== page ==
Is the way to the heart really through the stomach?

The link between food, dieting and romance

Photo by m01229 on Flickr.

What is the relationship between food and romance? Food might be pleasurable, but is it really “orgasmic”, or is that just people being dramatic?

Researchers in the U.S. wanted to examine how hunger affects the brain’s response to romantic cues in women. So, listen up: there may in fact be a way to your lady’s heart through food!

What they did was use fMRI (functional magnetic resonance imaging) to see how different areas of the brain lit up in response to romantic cues, under both fasted and fed conditions. These romantic cues consisted of images that a group of females had previously rated positively as “sexual” stimuli. Unlike men whose highly-rated sexual cues are typically graphically erotic, these images were simply of heterosexual couples hugging, holding hands, and being romantically intimate (differences which warrant an article all to themselves). They also split people up into two groups--normal weight dieters and normal weight non-dieters--to compare differences in brain activation on that variable as well.

The results of showing the women the romantic images, as shown in their brain activation, were two-fold. Firstly, when fed, both dieters and non-dieters displayed greater activation in brain areas related to reward while looking at the images. Secondly, for non-dieters, the fed condition specifically led to greater activation in the amygdala and hippocampus (areas that are both related to emotional memory), while the dieters displayer greater activation in the nucleus accumbens, substantia nigra, and caudate (areas that are all related to reward and reinforcement). This suggests that conditions of hunger may increase the reward value of romantic cues even more for dieters compared to their non-dieting counterparts.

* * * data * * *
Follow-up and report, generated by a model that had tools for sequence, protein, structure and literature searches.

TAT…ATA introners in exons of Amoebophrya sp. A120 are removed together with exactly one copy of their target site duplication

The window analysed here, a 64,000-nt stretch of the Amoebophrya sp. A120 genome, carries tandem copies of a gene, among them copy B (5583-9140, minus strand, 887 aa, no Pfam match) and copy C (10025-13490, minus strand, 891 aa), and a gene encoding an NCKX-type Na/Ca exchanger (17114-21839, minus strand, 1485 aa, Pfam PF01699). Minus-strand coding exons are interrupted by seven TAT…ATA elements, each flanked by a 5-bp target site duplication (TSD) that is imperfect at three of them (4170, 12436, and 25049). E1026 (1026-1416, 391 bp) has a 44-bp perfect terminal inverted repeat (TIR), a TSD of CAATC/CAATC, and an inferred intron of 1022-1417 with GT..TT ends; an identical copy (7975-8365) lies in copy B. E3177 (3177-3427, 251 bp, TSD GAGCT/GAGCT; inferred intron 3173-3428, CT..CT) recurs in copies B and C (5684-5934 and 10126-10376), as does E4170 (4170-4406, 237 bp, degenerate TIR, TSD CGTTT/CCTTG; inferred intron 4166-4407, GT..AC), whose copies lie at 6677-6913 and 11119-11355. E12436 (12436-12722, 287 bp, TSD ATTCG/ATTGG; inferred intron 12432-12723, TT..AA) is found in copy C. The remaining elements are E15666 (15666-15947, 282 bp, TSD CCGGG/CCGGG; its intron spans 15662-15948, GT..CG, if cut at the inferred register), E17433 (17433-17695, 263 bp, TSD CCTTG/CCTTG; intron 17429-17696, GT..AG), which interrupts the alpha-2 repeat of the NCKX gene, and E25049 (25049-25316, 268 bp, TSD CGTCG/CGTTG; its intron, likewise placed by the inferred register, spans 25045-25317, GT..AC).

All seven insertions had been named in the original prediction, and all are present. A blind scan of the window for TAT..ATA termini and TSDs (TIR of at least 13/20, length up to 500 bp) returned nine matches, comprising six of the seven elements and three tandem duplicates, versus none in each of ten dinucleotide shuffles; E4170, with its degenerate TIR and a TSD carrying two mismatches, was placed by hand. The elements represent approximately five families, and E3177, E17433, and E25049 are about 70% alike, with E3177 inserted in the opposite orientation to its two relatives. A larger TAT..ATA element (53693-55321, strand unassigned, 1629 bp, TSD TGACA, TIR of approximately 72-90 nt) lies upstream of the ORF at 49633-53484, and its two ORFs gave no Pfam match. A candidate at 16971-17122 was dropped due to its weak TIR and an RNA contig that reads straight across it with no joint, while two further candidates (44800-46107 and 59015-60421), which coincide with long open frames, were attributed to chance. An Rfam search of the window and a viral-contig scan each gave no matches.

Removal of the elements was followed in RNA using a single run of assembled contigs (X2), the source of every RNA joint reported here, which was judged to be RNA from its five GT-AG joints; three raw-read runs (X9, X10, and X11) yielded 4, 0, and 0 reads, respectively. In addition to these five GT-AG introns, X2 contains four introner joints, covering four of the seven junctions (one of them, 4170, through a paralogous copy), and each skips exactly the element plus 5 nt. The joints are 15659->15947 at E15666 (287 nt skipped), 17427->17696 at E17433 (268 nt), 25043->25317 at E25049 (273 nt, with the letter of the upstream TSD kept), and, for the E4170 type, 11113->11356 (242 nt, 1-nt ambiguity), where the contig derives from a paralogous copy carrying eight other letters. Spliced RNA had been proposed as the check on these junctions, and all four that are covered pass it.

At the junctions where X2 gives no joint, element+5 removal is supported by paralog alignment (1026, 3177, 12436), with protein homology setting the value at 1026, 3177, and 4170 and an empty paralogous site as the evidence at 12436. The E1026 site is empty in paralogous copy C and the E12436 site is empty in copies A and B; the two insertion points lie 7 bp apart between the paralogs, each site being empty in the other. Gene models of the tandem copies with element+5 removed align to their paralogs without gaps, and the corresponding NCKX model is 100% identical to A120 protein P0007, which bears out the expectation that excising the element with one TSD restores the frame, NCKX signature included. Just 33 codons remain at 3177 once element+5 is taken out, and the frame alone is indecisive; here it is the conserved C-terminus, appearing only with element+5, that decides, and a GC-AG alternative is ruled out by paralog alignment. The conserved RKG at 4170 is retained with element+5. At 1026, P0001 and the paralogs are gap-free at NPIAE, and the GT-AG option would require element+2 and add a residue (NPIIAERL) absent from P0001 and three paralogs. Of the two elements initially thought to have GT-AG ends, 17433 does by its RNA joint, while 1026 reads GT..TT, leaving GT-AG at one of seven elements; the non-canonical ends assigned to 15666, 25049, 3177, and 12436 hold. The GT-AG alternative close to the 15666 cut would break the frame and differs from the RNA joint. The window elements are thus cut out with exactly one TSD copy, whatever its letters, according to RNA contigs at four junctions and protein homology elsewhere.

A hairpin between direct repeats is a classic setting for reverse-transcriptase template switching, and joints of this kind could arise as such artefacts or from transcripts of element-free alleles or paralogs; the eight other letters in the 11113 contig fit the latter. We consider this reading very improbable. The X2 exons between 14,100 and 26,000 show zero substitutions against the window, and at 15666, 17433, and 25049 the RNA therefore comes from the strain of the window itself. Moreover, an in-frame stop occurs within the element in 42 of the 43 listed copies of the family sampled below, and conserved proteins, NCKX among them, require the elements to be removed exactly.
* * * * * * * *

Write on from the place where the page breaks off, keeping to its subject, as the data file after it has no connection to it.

These results suggest that there is a link between food and eating and romance, likely due to the rewarding aspect of both, and dieting influences this to a degree. However, before you start planning that candlelit dinner in hopes of intimacy to come after, I should point out that the study does have some limitations. Only college-aged females were included in the study, so it is unknown how older females would respond in comparison. Also, they were only looking at romantic pictures, which obviously differ from being exposed to more personal cues, like your own romantic partner, or someone you are attracted to in person. It would be interesting to replicate the study with males to compare and contrast their responses to romantic cues when hungry or fed.

It’s interesting to think that the old adage, “the way to a person’s heart is through their stomach,” might actually have some scientific backing to it. Admittedly, more research needs to be done to verify this, but in the meantime, it surely can’t hurt to try!


Ely, A. V., Childress, A. R., Jagannathan, K., & Lowe, M. R. (2015). The way to her heart? Response to romantic cues is dependent on hunger state and dieting history: An fMRI pilot study. Appetite, 95, 126-131.

(Photo by m01229 on Flickr)